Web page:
Be strong and let your heart take courage, all you who hope in the Lord.
Scientists performed an experiment where they placed a rat in a tub of water. In about an hour the rat would drown. Then the scientists would place another rat in a tub of water, but would pluck it up out of the water every few minutes. The researchers found that the rats who were periodically picked up out of the water would swim in the water for over 24 hours.
What made the difference? No, it was not the rest that the second group of rats received from being picked up. The difference was that the first group of rats were given no hope of rescue while the second group had the hope that they would be eventually rescued.
Hope is an act of faith. When the future looks bleak, hope acts in the conviction that we will still find what we long for. We will act as if our longings will take place in the future despite how dismal things may be at present. Those who cling to their hope are far more resistant to the setbacks in life.
During World War II, 25,000 American soldiers were imprisoned by the Japanese. Living under inhumane conditions, it was no surprise that many soldiers died. But, the soldiers themselves noticed a difference between those most likely to die and those who survived. They realized that once a soldier lost all hope of getting out of prison camp alive, he would simply choose to die. The soldiers who survived acted with the confidence that, someday, they would be released. Robin Reader, in his work, Holding On To Hope, says these soldiers, “talked about the kind of homes they would have, the jobs they would choose, and even described the kind of person they would marry. . . Some even found ways to study subjects related to the kind of career they wanted to pursue. The doctors taken captive even formed medical societies.”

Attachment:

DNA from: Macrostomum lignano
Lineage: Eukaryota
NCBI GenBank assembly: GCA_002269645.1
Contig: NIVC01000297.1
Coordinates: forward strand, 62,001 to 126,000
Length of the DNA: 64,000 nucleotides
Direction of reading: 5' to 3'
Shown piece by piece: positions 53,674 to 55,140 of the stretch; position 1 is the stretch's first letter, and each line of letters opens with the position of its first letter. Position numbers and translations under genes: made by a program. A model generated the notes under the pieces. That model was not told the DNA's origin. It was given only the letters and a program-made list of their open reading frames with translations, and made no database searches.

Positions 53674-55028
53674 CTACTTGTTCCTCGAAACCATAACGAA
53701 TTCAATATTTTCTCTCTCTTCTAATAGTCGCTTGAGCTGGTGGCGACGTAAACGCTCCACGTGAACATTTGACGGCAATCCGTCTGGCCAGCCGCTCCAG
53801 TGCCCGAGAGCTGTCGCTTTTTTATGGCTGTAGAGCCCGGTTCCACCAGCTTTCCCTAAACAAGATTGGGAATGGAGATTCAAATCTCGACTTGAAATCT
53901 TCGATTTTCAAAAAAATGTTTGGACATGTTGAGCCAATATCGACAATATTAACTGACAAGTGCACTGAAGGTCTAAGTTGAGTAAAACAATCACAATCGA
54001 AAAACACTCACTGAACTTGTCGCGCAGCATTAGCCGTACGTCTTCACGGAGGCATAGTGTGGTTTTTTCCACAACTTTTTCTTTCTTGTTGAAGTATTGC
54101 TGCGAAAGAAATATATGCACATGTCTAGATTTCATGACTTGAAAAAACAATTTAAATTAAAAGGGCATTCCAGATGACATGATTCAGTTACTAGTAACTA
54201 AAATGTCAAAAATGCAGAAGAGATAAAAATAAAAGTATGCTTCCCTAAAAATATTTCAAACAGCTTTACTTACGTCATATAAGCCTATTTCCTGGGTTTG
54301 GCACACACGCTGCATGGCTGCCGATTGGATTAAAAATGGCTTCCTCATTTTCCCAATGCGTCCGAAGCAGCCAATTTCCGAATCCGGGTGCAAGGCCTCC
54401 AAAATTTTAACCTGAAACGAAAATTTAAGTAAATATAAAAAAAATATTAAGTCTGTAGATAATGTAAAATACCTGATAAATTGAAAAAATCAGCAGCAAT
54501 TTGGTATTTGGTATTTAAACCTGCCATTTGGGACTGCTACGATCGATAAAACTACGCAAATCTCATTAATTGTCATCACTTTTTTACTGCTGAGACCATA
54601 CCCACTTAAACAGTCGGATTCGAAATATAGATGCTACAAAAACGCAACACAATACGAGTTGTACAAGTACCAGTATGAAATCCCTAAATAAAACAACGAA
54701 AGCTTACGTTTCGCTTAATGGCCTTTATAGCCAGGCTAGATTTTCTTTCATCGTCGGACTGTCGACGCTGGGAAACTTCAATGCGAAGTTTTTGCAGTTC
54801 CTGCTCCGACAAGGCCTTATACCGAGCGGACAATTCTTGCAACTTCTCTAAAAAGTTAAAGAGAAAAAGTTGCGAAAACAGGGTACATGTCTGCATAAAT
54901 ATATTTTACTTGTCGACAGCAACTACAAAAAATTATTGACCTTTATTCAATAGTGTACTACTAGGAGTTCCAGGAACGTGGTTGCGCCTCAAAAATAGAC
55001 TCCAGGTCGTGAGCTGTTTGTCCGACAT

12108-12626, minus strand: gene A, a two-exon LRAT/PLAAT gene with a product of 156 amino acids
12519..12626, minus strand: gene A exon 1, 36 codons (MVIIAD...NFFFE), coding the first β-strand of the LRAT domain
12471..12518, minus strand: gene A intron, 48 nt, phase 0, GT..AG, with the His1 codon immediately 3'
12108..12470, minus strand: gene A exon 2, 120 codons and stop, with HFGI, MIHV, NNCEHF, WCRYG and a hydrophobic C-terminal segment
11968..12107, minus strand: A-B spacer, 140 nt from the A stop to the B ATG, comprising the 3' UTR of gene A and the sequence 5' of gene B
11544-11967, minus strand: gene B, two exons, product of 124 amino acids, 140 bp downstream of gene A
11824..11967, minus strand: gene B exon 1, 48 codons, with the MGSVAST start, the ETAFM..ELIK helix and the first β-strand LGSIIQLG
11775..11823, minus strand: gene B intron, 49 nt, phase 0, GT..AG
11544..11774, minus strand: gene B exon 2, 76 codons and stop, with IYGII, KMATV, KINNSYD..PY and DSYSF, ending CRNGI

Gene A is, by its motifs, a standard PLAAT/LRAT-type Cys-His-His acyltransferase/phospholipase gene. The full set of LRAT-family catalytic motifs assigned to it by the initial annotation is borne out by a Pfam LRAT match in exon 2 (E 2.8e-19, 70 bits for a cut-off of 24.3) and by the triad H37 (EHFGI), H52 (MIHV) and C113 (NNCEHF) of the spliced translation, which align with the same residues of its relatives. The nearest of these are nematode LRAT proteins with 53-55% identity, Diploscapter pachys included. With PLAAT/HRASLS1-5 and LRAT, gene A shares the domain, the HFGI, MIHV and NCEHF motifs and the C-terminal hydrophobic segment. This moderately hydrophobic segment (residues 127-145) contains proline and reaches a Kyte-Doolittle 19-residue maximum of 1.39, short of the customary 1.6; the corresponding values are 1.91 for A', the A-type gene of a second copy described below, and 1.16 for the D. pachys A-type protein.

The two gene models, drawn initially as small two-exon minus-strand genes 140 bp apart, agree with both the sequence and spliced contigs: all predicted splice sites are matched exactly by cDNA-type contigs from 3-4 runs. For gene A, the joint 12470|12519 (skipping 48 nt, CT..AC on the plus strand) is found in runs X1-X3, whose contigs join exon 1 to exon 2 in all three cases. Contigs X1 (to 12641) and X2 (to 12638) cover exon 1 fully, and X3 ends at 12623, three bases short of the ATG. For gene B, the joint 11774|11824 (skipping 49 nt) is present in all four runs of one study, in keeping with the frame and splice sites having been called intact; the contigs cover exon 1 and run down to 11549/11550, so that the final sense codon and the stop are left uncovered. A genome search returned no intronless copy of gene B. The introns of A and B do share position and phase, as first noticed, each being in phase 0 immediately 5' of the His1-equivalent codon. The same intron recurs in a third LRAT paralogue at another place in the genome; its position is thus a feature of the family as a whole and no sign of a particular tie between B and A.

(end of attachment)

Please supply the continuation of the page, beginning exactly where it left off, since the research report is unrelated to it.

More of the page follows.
Hope provides an astonishing strength to our physical health as well. In 1997 the American Heart Association cited the work of Susan Everson who found that people with a high level of despair were 20 percent more likely to have hardening of the arteries than optimistic people. Everson noted, “This is the same magnitude of increased risk that one sees in comparing a pack-a-day smoker to a non-smoker.”
But just because you hope for something, does that mean your hopes will come true? No. The apostle Paul would often close his letters to various congregations by saying that he hoped to visit them soon in person. There was no guarantee that this would really happen.
But the Bible also speaks of a hope that is not based on our human longings, but on the promise of God. The Bible tells us repeatedly that we can rise up with confidence and courage when our hope is based on God’s word; that, when the dust settles, we shall stand victorious in his mercy.
(text copyright 2012 by Marty Kaarre)